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Research at Mass General
Miguel N. Rivera, MD
Assistant Professor of Pathology, Harvard Medical SchoolAssistant in Pathology, Massachusetts General HospitalAssociate Member, Broad Institute
Molecular Pathology UnitMassachusetts General Hospital149 13th Street, 6th FloorCharlestown, MA 02129Phone: 617-726-6257Email: firstname.lastname@example.org
Pediatric tumors are often driven by mutations in genes that directly control gene expression programs such as transcription factors and chromatin regulators. Our laboratory uses genomic technologies to identify abnormal gene regulation patterns in tumors and to analyze critical oncogenic pathways in several systems. Given that the mechanisms that drive pediatric tumors are poorly understood at present, we anticipate that our work will point to new therapies for these diseases.
Read more about the Rivera Lab from the Center for Cancer Research Annual Report.
Gaylor Boulay, PhD Angela VolorioAlexandra Cauderay Shruthi Rengarajan Nathan GiacconeMiguel N. Rivera, MD
Epigenomic approaches to identify critical pathways in cancer
We are using genomic technologies to identify abnormal gene regulation patterns in pediatric cancer. In particular, genome-wide chromatin profiling, which combines chromatin immunoprecipitation and high-throughput sequencing, is a powerful technology that can identify active and repressed states in the genome based on patterns of histone modifications. Our work using this technology has shown that Wilms tumors exhibit chromatin features typical of stem cells and that patterns of chromatin remodeling can reveal the mechanisms of action of aberrant transcriptional regulators such as the EWS-FLI1 fusion protein in Ewing sarcoma and the transcription factor OTX2 in medulloblastoma. We are now using a combination of biochemical and genomic tools to continue our analysis of these and other key transcriptional pathways in pediatric cancer.
Role of the WTX gene family in cancer and development
Wilms tumor, the most common pediatric kidney cancer, arises from kidney-specific stem cells and is a prime example of the connection between cancer and development. Through mapping genomic deletions in Wilms tumor we identified WTX, an X-linked tumor suppressor gene commonly inactivated in this disease and recently implicated in colon cancer. WTX is the founding member of a new protein family (FAM123) and our work using a conditional knockout mouse model has shown that it regulates mesenchymal stem cells in several organs, including kidneys, bones and fat. We are now studying the function of WTX and related proteins using several in vitro and in vivo model systems.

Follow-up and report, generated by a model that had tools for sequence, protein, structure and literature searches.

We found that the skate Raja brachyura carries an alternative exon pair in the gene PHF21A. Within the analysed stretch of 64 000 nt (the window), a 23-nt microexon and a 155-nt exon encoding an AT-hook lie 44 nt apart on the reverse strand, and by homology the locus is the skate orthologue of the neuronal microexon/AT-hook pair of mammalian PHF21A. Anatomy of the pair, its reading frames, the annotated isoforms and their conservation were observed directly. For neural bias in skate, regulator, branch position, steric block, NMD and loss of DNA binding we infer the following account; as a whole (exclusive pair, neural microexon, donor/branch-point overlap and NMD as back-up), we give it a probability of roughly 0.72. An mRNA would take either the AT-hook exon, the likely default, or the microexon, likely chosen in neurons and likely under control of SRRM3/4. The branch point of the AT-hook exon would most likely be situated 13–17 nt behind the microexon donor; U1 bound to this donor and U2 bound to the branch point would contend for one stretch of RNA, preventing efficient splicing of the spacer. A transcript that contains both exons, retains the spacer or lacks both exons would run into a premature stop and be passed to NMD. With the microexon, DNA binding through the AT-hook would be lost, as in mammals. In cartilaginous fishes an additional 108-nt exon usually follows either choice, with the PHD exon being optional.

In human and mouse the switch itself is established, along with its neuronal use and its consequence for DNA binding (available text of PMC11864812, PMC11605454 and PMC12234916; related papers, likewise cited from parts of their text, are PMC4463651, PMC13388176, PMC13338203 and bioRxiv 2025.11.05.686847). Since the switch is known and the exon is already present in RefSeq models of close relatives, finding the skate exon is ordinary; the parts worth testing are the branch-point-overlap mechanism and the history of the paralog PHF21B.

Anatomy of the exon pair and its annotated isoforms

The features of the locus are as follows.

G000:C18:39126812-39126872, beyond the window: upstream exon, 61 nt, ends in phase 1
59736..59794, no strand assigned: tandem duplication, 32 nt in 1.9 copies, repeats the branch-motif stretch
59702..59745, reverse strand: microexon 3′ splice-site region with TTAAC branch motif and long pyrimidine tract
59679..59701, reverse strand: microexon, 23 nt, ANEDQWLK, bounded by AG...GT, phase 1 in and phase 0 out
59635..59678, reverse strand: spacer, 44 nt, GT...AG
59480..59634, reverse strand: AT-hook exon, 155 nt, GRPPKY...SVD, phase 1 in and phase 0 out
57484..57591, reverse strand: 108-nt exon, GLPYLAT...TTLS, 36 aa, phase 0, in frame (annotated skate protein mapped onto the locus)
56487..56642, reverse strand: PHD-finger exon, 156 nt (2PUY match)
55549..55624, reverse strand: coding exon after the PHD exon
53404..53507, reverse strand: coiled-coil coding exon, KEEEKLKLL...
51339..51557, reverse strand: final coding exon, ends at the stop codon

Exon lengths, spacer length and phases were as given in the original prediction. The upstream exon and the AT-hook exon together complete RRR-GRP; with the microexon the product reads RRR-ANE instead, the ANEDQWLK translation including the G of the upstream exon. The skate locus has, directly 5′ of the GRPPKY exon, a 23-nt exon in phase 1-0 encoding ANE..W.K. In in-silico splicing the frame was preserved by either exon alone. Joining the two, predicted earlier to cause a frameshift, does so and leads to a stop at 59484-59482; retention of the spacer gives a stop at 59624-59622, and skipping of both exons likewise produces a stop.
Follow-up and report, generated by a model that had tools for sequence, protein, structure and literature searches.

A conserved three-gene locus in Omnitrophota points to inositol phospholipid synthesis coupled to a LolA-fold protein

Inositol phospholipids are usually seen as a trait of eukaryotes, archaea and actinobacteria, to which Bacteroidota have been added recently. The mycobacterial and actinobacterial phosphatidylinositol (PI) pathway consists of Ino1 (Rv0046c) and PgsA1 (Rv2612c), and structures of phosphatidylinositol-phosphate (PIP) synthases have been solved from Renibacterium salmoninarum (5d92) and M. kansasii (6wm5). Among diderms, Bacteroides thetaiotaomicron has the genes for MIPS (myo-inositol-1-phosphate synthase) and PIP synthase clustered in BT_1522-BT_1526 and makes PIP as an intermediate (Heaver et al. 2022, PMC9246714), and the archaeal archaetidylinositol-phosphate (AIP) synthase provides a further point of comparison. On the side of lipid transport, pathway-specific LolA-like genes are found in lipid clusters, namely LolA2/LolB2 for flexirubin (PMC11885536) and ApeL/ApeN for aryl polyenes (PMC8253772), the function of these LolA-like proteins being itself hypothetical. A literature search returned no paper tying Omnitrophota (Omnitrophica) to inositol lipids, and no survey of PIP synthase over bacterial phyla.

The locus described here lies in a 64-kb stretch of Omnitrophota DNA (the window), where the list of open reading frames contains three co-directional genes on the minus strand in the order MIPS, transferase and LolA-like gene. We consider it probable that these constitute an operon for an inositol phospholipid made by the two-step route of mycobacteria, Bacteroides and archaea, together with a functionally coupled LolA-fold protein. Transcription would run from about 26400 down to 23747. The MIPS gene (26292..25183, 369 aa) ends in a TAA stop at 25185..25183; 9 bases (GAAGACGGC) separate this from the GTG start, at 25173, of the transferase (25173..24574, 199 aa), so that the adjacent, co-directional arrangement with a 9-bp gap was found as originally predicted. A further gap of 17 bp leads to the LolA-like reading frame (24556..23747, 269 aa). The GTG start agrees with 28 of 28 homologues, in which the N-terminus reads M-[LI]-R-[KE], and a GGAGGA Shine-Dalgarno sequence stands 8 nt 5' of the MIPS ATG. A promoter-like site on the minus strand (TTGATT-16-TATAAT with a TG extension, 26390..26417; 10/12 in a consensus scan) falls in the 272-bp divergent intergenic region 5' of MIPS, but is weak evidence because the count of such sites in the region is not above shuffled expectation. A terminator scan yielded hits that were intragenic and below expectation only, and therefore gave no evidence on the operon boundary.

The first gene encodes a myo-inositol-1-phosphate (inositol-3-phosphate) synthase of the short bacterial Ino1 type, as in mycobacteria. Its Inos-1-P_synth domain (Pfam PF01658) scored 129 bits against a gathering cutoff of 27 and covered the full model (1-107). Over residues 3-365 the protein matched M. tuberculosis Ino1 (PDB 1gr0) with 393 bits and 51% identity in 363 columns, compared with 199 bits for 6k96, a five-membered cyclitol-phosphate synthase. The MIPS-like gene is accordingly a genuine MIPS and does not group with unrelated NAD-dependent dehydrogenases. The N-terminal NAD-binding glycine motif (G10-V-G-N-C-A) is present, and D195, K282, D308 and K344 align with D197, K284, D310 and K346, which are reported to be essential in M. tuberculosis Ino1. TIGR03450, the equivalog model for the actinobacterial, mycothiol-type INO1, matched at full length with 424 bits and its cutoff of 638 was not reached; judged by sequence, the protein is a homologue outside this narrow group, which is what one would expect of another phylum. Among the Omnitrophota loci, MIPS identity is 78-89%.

Cancer-Specific Retargeting of BAF Complexes by a Prion-like Domain. Boulay G, Sandoval GJ, Riggi N, Iyer S, Buisson R, Naigles B, Awad ME, Rengarajan S, Volorio A, McBride MJ, Broye LC, Zou L, Stamenkovic I, Kadoch C, Rivera MN. Cell 2017 Sep 21;171(1):1-16.
OTX2 activity at distal regulatory elements shapes the chromatin landscape of Group 3 medulloblastoma. Boulay G, Awad M, Riggi N, Archer T, Boonseng W, Rosetti N, Naigles B, Volorio A, Iyer S, Kim J, Mesirov JP, Tamayo P, Pomeroy SL, Aryee MJ, Rivera MN. Cancer Discovery 2017 Mar 7(3):288-301.
EWS-FLI1 utilizes divergent chromatin remodeling mechanisms to directly activate or repress enhancer elements in Ewing sarcoma. Riggi N, Knoechel B, Gillespie SM, Rheinbay E, Boulay G, Suvà ML, Rossetti NE, Boonseng WE, Oksuz O, Cook EB, Formey A, Patel A, Gymrek M, Thapar V, Deshpande V, Ting DT, Hornicek FJ, Nielsen GP, Stamenkovic I, Aryee MJ, Bernstein BE, Rivera MN. Cancer Cell. 2014 Nov 10;26(5):668-81.
Wilms tumor chromatin profiles highlight stem cell properties and a renal developmental network. Aiden AP, Rivera MN, Rheinbay E, Ku M, Coffman EJ, Truong TT, Vargas SO, Lander ES, Haber DA, Bernstein BE. Cell Stem Cell. 2010 Jun 4;6(6):591-602.
An X chromosome gene, WTX, is commonly inactivated in Wilms tumor. Rivera MN, Kim WJ, Wells J, Driscoll DR, Brannigan BW, Han M, Kim JC, Feinberg AP, Gerald WL, Vargas SO, Chin L, Iafrate AJ, Bell DW, Haber DA. Science. 2007 Feb 2;315(5812):642-5.
Massachusetts General Hospital
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